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Making Standard KH solutions

Discussion in 'Articles' started by VaughnH, Feb 1, 2007.

  1. VaughnH

    VaughnH Lifetime Charter Member
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    I'm really confused about this subject. I have now made up 4 batches of 4 or 5 dKH distilled water, and all of them test way off with my KH test kit. Today I got disgusted with the process and bought a new test kit - same problem. I made up a 4 dKH solution, but the kit says it is less than 2 dKH.

    Here is what I did:
    Baked a tsp of freshly opened sodium bicarbonate at 230F for about 10 minutes. Used my 100 gram capacity scale to measure 4.99 grams of that baking soda. Added it to a one liter measuring flask. Added one liter of distilled water to it, making sure all of the soda was dissolved - none left on the sides of the flask. That should have give me a liter of 200 dKH water.

    I mixed 10 ml of that water with 90 ml of distilled water, which should have given me 100 ml of 20 dKH water. Then I mixed 80 ml of that water with 20 ml of distilled water to get 100 ml of 16 dKH water.

    I added 300 ml of distilled water to that to get 400 ml of 4 dKH water.

    But, two different API test kits say it is less than 2 dKH water. So, what did I do wrong?

    Some of us do not have much background in mixing up chemical solutions, measuring weighed amounts with known volumes of water, etc. so what seems easy to some isn't to others.

    I had calibrated the scale with a 100 gram and 50 gram weight, and it was right on. I also tried it once with a very light piece of paper to hold the soda as I weighed it, and a second time with a heavier piece of plastic and reset the scale to zero to account for the tare weight.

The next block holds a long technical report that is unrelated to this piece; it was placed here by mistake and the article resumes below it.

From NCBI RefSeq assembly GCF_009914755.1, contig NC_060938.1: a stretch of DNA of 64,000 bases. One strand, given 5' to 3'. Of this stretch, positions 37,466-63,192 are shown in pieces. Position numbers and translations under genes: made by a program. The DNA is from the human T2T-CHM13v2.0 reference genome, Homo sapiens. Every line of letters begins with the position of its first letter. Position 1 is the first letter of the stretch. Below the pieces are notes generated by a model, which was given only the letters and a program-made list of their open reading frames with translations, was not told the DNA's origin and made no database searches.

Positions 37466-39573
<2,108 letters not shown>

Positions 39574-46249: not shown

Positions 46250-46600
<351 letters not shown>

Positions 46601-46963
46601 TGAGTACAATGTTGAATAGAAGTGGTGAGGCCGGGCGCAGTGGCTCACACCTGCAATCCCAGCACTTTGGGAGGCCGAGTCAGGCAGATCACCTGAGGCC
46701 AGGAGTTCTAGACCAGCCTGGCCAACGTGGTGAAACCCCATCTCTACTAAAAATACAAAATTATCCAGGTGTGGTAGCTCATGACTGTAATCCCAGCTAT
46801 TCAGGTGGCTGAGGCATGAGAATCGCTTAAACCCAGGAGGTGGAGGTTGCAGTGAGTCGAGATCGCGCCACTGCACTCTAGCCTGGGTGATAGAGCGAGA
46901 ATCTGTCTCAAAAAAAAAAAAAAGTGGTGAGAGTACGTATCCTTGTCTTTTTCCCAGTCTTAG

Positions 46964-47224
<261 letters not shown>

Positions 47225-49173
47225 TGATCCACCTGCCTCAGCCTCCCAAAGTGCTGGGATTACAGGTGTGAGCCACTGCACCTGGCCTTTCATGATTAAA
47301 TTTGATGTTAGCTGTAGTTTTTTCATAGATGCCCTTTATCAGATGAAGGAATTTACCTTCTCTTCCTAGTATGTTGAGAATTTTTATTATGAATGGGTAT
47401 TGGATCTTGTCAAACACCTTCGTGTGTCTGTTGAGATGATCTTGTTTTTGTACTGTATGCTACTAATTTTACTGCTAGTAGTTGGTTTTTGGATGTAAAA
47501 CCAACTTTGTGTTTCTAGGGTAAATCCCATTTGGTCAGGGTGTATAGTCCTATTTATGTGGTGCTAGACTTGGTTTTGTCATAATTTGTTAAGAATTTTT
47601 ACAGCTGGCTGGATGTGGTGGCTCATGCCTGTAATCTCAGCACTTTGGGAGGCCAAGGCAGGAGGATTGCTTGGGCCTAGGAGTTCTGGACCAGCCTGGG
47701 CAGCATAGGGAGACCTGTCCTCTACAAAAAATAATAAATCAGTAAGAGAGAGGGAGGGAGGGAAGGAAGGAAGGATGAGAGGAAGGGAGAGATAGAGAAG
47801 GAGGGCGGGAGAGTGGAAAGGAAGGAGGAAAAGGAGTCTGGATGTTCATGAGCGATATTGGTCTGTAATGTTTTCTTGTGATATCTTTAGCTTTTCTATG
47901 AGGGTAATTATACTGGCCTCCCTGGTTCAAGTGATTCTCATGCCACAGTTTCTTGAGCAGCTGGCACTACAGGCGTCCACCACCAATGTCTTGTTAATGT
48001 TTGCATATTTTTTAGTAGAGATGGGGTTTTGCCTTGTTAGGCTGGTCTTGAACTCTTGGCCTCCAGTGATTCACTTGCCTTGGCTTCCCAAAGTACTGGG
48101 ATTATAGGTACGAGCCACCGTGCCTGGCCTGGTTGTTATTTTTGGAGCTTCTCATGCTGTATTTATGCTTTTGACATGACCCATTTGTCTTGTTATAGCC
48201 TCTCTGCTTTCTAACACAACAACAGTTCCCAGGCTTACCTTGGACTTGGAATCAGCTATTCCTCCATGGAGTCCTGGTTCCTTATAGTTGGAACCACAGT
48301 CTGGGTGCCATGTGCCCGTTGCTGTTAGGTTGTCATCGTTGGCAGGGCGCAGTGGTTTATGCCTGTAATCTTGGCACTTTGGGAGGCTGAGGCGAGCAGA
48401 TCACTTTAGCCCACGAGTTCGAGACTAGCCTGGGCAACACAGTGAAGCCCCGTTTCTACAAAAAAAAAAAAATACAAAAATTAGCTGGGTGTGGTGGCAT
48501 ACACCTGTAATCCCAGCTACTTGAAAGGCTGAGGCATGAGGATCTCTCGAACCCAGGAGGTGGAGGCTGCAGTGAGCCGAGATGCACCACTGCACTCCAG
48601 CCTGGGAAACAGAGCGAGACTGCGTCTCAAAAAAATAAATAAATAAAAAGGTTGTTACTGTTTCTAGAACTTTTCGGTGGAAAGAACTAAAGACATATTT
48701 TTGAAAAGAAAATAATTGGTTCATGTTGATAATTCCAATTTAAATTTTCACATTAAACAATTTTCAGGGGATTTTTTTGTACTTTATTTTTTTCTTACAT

2. Tom Barr

    Tom Barr Founder
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    Several sources I've looked at suggest quite different standards as well.
    I arrived at the 4.99 grams from the reef side (namely ReefCentral folks)which tend to be anal about such things.

    Using something other than baking soda(heat CO2/water issues) might be tougher to dissolve, but would not entail as much errors in other areas.
    I asked Greg Morin and there's some discussion on various reef forums.

    I'm looking at other standard base chemicals to get the bicarb HCO3 other than baking soda for a KH solution.

    I have not gotten around to it, nor the pH membrane probe test either, but in due time I will.

    Regards,
    Tom Barr
     
  3. shane

    shane Lifetime Charter Member
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    As with many things in life, what may seem easy may in fact not be. I don't see anything wrong with the logic Hoppy. What type of test kit do you use? My small batch of KH solution was done by trusting my Lamotte KH test kit. I did an initial calculation of how much KH+ I need and then I tweaked the solution by calculating how much RODI water I needed to get to 4 degrees. Then I retested the solution with my test kit to confirm 4 degrees. But, I am sure that is not all that accurate either.

    I would much rather just buy some KH reference from Seachem or something if they made it. I don't want to mess with getting all this precision measuring equipment.
     
  4. VaughnH

    VaughnH Lifetime Charter Member
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    I decided to do some research with Google:
    Water Hardness is one reasonable sounding article. It says 30.02 mg/liter is the amount of NaHCO3 needed to get 1 dKH, because dKH refers to carbonate from CaCO3, not from just any old source. (This is in the right direction to explain my problem.)

    Carbonate hardness - Wikipedia, the free encyclopedia is Wikipedia's explanation. It says 50 mg of NaHCO3 in a liter of water gives about 18 mg/l of carbonate hardness, which is about 1 dKH. (That too is in the right direction to explain my problem.)

    KH reference solution/ baking soda is where one of our members is asking similar questions. No answers, of value, yet.

    I suppose I need to take the 30.02 number in the first reference, make up my 4 dKH solution based on that and test to see if it works. But, that doesn't really make any case for doing more than just adding sodium bicarbonate until the same test kit says it is at 4 dKH.

    Consider the equation that is used to determine ppm of CO2 by measuring KH and pH: ppm = A*KH*10^(B-pH) (A and B can have various values, but the ones used the most are A=3 and B=7) In any case, the ppm calculated is proportional to KH. So, a 10% error in KH gives a 10% error in ppm. That is much, much less significant than a .3 error in pH, which gives an error in ppm of 2X or 1/2 X (+100% or - 50%). I am having a hard time seeing why I need great accuracy in setting my reference KH. Even a 20% error would seem to not be that big a deal.